1. Check out my new blog "What’s beyond the lighthouse." Instead of exploring the world, I’ve decided to explore my backyard, my country, Trinidad and Tobago. 

  2.  ”There is a certain amount of comfort and confidence that you gain with yourself when you go to this new place and start all over again, and a knowledge that — come what may in the rest of your life — you were capable of taking that leap and landing softly at least once.

     Thank you for following me during my two amazing years in Japan. 

    This is the end of Kikosan in Japan but look out for the launch of my new blog and feel free to continue to ask me questions about my time in Japan or the JET programme.


    Lots of love 


  3. "And then while I’m away
    I’ll write home every day 
    And I’ll send all my loving to you”

    I was very fortunate during my last 18 months in Japan to meet a man who I now consider a second father to me.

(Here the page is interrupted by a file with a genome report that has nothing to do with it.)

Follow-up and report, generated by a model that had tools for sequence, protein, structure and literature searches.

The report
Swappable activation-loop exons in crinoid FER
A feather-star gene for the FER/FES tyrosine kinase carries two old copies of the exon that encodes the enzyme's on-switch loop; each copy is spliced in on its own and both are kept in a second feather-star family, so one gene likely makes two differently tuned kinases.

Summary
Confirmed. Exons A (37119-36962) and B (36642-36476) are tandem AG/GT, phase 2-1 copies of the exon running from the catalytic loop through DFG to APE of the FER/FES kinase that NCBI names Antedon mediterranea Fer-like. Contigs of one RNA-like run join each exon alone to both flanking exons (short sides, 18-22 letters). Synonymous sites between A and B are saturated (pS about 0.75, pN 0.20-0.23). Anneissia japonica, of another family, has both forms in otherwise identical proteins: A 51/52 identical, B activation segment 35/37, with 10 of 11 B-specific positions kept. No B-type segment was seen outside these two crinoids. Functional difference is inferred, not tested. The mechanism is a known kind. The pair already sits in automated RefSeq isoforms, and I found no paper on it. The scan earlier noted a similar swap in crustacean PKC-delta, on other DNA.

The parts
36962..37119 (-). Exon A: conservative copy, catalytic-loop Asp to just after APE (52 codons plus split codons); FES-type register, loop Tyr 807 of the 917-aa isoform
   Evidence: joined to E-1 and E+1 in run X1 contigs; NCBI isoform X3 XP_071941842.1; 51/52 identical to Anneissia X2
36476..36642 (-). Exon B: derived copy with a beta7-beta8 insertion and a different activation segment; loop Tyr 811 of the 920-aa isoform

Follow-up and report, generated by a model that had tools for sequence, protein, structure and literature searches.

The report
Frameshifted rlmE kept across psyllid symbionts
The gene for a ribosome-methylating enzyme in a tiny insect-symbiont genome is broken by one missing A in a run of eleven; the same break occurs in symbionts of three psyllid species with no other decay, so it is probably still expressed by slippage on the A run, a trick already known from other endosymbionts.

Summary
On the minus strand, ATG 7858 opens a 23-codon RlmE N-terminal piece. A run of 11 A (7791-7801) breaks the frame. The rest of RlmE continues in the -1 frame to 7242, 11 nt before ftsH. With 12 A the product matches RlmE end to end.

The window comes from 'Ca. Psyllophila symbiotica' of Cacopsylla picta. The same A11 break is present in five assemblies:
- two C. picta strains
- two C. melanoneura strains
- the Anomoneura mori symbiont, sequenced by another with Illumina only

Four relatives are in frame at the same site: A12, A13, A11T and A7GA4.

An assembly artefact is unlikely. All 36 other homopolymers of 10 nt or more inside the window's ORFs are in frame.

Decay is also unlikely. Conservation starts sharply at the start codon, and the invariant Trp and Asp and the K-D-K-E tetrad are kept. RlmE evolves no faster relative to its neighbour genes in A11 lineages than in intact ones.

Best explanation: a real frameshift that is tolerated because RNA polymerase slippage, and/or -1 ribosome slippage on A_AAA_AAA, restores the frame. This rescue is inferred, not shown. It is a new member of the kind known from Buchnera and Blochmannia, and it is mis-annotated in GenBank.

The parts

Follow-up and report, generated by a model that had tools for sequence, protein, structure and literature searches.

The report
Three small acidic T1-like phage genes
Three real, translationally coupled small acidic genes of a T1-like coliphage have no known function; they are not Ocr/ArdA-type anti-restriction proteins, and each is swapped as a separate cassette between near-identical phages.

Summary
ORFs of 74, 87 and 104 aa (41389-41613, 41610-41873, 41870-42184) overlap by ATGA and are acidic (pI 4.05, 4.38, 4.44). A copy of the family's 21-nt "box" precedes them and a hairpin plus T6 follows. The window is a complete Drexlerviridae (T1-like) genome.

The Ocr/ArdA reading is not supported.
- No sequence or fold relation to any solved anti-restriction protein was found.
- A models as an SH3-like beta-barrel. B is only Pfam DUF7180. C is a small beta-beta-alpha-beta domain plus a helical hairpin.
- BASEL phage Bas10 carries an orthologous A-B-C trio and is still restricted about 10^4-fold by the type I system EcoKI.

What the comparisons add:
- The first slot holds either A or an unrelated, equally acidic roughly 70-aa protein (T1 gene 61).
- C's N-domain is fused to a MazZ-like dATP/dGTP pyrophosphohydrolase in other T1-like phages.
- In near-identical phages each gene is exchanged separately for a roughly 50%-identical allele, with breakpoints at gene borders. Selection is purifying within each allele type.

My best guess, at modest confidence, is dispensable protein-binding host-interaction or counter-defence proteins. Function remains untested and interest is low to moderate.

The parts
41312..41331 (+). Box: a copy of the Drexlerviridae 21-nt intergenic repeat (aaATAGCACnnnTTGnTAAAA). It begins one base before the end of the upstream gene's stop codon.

Imamura sensei and I first met during school. He was a new teacher, a retiree in fact who decided to return to teaching. His desk was placed next to mine in the teachers room and from that day, we became family.

    Everyone loves him, students and teachers. He was respected by all. He hardly knows any English but his effort to communicate with me led him to use whatever resource he had, mainly his dictionary. We would talk about everything; favourite foods, which students were giving trouble in class, Japanese history, Trinidad culture, slavery, and movies.